Thousands are expected to flock to the Sydney Fish Market to stock up on seafood this Easter.You can set your watch to seafood-lovers descending on the Sydney Fish Market on Good Friday, and this year has proven to be no exception.
Thousands have already passed through the market’s doors, with 50,000 expected in total over the Easter long weekend. They’ll buy some 650 tonnes of seafood.
Things got underway before dawn on Friday, with the market opening at 5am.
But the day started hours earlier for staff such as Con Doukas who owns Musumeci Seafoods.
He was up at 2am to prepare for what he suggested could be the busiest Good Friday he’s seen in his seven years at the seafood hub.
“We usually find that every year is getting better and better … people are eating more fish, so it’s good,” he told AAP between sales.
Mr Doukas said whole fish had been most popular at his store – particularly snapper, barramundi and salmon.
For Sue Butler there was no question of whether she’d make a Good Friday trip to the market, given she has done so for decades.
“I grew up coming to the fish markets,” Ms Butler, from North Sydney, told AAP.
“You’d always come to the fish markets at Easter because that’s what you’re doing. You’re going to cook fish and seafood.”
It was the first visit for Wales teacher Sue Hill, who is visiting Ms Butler, and said she’d seen nothing like the Sydney institution before.
“You don’t get this in the UK,” she said.
Couple Colin Johnston and Lyn Nguyen from Chatswood said it had been worth setting their alarms so they could arrive at about 10am to beat midday crowds.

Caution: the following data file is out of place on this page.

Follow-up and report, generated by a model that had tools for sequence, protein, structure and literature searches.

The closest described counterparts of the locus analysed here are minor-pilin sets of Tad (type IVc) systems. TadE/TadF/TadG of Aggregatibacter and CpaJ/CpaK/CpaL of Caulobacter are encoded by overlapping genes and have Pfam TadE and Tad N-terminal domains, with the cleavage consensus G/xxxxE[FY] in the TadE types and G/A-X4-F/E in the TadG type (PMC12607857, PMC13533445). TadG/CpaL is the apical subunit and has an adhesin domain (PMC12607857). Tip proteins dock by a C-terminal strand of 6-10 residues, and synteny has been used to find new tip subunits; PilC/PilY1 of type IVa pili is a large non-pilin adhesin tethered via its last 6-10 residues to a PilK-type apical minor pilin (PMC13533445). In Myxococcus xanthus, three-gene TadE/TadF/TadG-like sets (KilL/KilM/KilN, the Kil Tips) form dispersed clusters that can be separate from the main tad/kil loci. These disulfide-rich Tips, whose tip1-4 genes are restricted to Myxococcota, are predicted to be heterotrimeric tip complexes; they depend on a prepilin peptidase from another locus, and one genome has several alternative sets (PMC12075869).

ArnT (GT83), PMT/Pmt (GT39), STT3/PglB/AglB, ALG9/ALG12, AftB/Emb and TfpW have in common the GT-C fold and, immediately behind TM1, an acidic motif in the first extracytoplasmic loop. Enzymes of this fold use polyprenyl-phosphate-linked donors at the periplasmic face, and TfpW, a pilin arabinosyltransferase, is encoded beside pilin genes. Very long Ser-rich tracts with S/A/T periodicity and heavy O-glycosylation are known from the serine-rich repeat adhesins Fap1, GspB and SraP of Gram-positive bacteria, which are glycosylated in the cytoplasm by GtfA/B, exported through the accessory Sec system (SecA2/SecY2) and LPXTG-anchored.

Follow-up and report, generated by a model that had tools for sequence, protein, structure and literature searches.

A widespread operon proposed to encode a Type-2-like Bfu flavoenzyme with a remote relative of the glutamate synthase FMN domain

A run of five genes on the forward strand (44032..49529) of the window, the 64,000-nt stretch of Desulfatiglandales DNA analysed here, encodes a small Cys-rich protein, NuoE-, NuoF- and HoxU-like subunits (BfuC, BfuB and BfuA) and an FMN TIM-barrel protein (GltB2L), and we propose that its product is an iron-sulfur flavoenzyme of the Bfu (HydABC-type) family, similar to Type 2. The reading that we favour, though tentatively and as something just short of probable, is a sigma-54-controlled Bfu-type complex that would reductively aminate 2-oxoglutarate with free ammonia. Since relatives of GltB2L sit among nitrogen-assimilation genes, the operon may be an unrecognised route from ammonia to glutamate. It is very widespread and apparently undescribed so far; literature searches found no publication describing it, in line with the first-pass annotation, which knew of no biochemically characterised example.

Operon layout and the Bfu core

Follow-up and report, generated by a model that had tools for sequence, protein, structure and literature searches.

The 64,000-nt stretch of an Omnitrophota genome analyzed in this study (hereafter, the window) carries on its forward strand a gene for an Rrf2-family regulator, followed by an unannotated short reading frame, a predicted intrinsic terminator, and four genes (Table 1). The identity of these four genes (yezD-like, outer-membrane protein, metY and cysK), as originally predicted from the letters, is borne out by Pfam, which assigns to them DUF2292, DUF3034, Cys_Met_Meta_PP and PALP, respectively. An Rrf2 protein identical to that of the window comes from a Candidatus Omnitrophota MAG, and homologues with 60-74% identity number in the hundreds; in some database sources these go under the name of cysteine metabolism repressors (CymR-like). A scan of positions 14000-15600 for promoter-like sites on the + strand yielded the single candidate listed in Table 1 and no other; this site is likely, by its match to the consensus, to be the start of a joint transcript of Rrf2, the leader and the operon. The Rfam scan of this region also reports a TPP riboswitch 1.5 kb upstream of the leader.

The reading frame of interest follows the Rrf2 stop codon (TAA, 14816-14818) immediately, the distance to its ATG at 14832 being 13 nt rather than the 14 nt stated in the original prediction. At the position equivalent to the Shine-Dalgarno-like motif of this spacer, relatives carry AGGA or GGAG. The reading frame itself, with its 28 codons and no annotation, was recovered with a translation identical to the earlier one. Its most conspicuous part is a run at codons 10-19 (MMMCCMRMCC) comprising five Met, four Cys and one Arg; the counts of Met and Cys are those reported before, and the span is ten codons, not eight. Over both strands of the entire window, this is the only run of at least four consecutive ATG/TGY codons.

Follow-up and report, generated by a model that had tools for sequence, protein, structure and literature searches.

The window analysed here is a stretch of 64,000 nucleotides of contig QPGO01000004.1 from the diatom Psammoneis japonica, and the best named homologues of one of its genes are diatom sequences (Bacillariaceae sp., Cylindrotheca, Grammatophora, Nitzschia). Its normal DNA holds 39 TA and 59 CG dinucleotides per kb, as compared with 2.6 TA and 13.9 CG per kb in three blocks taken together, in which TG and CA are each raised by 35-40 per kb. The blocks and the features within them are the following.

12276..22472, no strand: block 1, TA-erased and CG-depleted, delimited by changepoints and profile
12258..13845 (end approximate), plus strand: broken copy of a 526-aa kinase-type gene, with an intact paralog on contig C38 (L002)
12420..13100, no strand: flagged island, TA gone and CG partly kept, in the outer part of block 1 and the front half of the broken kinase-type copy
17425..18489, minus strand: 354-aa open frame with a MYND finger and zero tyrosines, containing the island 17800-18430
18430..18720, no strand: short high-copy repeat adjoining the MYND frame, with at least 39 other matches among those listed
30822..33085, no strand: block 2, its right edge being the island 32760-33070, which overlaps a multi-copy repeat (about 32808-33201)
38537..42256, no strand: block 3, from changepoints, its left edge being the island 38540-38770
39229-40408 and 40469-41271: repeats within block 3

“It’s always been busy during the middle of the day,” Mr Johnston said.
Market manager Bryan Skepper says Good Friday requires major logistical planning, which begins months prior to Easter.
Parking, product delivery and waste management is carefully thought out.
“It’s a bit like going to a major sporting event – you’re all pumped up for a big day,” Mr Skepper said.
“It’s a lot of fun, although the work is very, very hard. By the time the day’s over you’re exhausted but you feel great.”
This year there is also a new ferry service running from Barangaroo to the market.
The crowds are expected to trigger heavy traffic around the waterfront market and special clearways will be in place until 7pm.
On the upside, sustainable fisheries have made ‘s industry a world leader in ethical production, Assistant Minister for Agriculture and Water Resources Anne Ruston says.
“I know our fishers have been working hard to ensure ns have access to high-quality seafood fresh off the boat, and I hope everyone has the opportunity to enjoy that produce this Good Friday,” she said in a statement.